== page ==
Business owners in South Africa can play an important part in conserving water resources while reducing their utility bills by embracing water efficiency as a way of life. In doing so, they can play a valuable role in assisting the country to manage the effects of a prolonged drought.
That’s according to Anton van Heerden, executive vice-president: Africa and Middle East at Sage, who says the challenge is for small businesses that depend heavily on water to produce goods or deliver services – for example, gyms, laundromats, agribusinesses, restaurants, hair dressers, car washes, the hospitality sector and many factories.
The current drought is the worst that South Africa has experienced in decades, and it has already had a severe impact on jobs in agriculture and food manufacturing. Earlier this year, Stats SA reported that the drought last summer saw jobs in agriculture decline by 37 000. At the same time, food prices are rising because of poor rainfall.
Van Heerden offers some tips for SMEs about how they can improve their water efficiency into the future:
* Be creative – Many South African entrepreneurs who are the business builders of the country are finding creative ways to work around the water crisis – for example, we are starting to see waterless car wash franchises emerge. This reduces the amount of water wasted from using unnecessary hose pipes and installed washers.
* Water efficiency in the kitchen and canteen – When it’s time to replace fittings and equipment, buy pressurised coffee machines, water-wise baseline dishwashers, efficient tap fittings and so on. They are sometimes more expensive, but will pay for themselves over time.
* Clean without wasting water – Many South African businesses waste water when washing floors, cars and walls. Rather use a bucket and a cloth, mop or a broom to clean.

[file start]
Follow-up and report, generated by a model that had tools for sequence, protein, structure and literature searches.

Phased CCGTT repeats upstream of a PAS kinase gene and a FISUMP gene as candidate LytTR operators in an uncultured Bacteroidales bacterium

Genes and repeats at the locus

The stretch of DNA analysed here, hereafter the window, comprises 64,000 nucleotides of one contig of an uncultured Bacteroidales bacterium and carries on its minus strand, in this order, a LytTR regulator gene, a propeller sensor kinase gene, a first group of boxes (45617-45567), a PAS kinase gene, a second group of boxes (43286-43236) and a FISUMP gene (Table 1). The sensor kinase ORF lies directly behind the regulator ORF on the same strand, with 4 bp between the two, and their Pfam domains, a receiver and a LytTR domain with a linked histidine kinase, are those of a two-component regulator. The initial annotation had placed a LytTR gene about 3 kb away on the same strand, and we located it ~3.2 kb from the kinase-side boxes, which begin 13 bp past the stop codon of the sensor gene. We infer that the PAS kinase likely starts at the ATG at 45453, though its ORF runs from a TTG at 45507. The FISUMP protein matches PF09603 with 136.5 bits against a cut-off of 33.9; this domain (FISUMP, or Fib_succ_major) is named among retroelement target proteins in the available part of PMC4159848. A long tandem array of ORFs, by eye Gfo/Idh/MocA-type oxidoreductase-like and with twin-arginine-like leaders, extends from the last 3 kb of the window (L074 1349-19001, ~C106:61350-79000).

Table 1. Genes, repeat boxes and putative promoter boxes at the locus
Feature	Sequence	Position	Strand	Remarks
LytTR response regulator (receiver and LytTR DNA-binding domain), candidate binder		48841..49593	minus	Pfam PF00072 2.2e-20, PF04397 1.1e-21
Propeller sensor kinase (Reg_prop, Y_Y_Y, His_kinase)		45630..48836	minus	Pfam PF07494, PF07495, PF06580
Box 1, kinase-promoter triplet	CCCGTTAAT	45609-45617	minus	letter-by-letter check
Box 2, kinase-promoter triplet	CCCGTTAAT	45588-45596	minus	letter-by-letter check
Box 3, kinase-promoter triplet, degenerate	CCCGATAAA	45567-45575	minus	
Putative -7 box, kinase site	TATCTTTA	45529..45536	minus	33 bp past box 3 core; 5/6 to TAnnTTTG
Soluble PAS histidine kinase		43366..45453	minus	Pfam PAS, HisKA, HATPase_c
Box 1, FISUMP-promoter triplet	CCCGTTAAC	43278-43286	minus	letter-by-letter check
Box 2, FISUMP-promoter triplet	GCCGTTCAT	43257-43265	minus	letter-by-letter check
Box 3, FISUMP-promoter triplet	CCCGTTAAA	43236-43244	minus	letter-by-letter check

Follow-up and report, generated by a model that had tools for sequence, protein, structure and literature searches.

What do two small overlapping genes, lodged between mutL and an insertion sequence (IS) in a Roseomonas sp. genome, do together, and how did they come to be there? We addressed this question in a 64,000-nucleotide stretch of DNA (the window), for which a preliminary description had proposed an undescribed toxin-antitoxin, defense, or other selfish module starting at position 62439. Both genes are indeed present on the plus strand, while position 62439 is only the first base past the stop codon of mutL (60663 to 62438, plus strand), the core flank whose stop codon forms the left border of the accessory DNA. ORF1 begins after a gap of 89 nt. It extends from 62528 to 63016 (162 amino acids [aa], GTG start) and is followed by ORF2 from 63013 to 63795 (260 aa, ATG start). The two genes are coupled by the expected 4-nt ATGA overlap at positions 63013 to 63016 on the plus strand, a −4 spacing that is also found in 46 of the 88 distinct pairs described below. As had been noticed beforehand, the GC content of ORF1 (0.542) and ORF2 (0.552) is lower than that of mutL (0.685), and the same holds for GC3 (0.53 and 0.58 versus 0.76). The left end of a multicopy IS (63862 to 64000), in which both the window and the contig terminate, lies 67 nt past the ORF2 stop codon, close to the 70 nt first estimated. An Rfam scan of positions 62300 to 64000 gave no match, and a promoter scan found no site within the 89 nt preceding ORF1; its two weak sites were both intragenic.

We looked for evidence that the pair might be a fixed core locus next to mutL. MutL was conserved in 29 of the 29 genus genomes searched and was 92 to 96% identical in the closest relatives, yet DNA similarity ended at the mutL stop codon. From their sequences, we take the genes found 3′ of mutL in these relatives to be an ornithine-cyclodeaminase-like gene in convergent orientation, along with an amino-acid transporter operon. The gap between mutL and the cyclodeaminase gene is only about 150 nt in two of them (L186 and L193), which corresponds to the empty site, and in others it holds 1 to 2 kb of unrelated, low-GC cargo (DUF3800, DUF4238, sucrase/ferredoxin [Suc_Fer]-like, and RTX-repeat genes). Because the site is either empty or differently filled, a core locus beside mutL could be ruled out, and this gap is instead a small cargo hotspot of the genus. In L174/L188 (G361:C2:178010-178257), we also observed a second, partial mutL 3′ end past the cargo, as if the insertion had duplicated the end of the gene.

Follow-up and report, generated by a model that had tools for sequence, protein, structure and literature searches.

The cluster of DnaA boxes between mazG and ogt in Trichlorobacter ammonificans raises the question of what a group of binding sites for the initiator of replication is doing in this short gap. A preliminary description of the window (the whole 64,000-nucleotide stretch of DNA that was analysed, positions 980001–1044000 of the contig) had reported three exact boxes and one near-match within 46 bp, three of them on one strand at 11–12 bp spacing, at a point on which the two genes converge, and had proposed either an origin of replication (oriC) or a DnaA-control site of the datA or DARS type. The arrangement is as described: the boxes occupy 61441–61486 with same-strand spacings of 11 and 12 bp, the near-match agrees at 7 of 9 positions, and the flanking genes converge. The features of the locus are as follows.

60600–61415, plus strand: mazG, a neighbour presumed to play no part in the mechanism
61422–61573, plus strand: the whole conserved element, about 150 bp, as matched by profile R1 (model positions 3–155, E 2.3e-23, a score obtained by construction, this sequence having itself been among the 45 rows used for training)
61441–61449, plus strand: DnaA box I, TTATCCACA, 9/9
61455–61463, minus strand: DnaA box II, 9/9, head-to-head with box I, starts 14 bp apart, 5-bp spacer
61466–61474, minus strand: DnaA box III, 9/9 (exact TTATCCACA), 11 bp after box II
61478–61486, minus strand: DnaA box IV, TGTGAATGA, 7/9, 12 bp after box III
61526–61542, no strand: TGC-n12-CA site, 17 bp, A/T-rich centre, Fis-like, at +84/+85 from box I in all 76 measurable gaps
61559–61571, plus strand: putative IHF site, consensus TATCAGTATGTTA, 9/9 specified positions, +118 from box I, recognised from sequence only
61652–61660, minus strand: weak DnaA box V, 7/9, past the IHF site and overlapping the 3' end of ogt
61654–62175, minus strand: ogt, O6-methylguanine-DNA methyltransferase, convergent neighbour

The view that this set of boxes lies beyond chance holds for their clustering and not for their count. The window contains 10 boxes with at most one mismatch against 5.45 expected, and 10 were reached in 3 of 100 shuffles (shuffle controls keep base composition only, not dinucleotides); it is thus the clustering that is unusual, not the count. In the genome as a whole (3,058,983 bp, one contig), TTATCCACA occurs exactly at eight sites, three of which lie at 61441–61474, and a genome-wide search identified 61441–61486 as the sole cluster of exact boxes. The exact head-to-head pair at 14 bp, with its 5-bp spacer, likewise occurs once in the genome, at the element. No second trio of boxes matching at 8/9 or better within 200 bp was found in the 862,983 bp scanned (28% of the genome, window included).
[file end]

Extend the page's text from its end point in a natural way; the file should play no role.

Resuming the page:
* Detect leaks and plug them – Keep an eye on your water bill. If it’s unexpectedly large, you might have a leaking pipe or dripping tap. If you notice a pipe or tap is leaking, fix it immediately.
* Make sure your bathrooms are water-wise – Consider using water-efficient bathroom fittings – for example, taps with an aerator or flow restrictor to use less water as well as water-efficient urinals.
* Tending to the grounds and garden – Go for drought-tolerant, indigenous plants rather than thirstier alien plants; if you have an irrigation system, make sure it is properly maintained and configured – and switch it off completely if there’s rain. A more affordable option to consider is a greywater system, or install a rainwater tank and use that for watering your plants. These options can be very useful especially for companies involved in the agriculture sector where most of their fresh produce comes from farms which require constant maintenance.
* Be sceptical of silver bullets – There are many innovations that can help you to save water, but be sceptical of the sales pitches of fly-by-night companies that have emerged to take advantage of the water crisis. As this was also the case during the months of load shedding, many people are looking to make a quick buck rather than to sell you a sustainable solution. Ask for customer references and find out about a supplier’s track record before you buy its water-efficient taps or kitchen equipment. Get quotes from multiple suppliers before you commit – alarm bells should be going out when a quote is much higher or lower than the average among the competition.
* Educate employees – To ensure that your efforts to conserve water are successful, you may need to change behaviour among your employees. Educate them about how they can avoid waste – for example, by not leaving taps running when they wash their hands or their lunch dishes. You could, for example, put water saving tips up near kitchen and bathroom taps to remind team members of the importance of saving water.
“At Sage, we believe in a socially-responsible world and in playing a positive role in communities and with entrepreneurs,” says Van Heerden. “The business community needs to step up and play a role in safeguarding our precious water resources as an urgency, and we all need to accept that water scarcity is likely to become a way of life into the future.”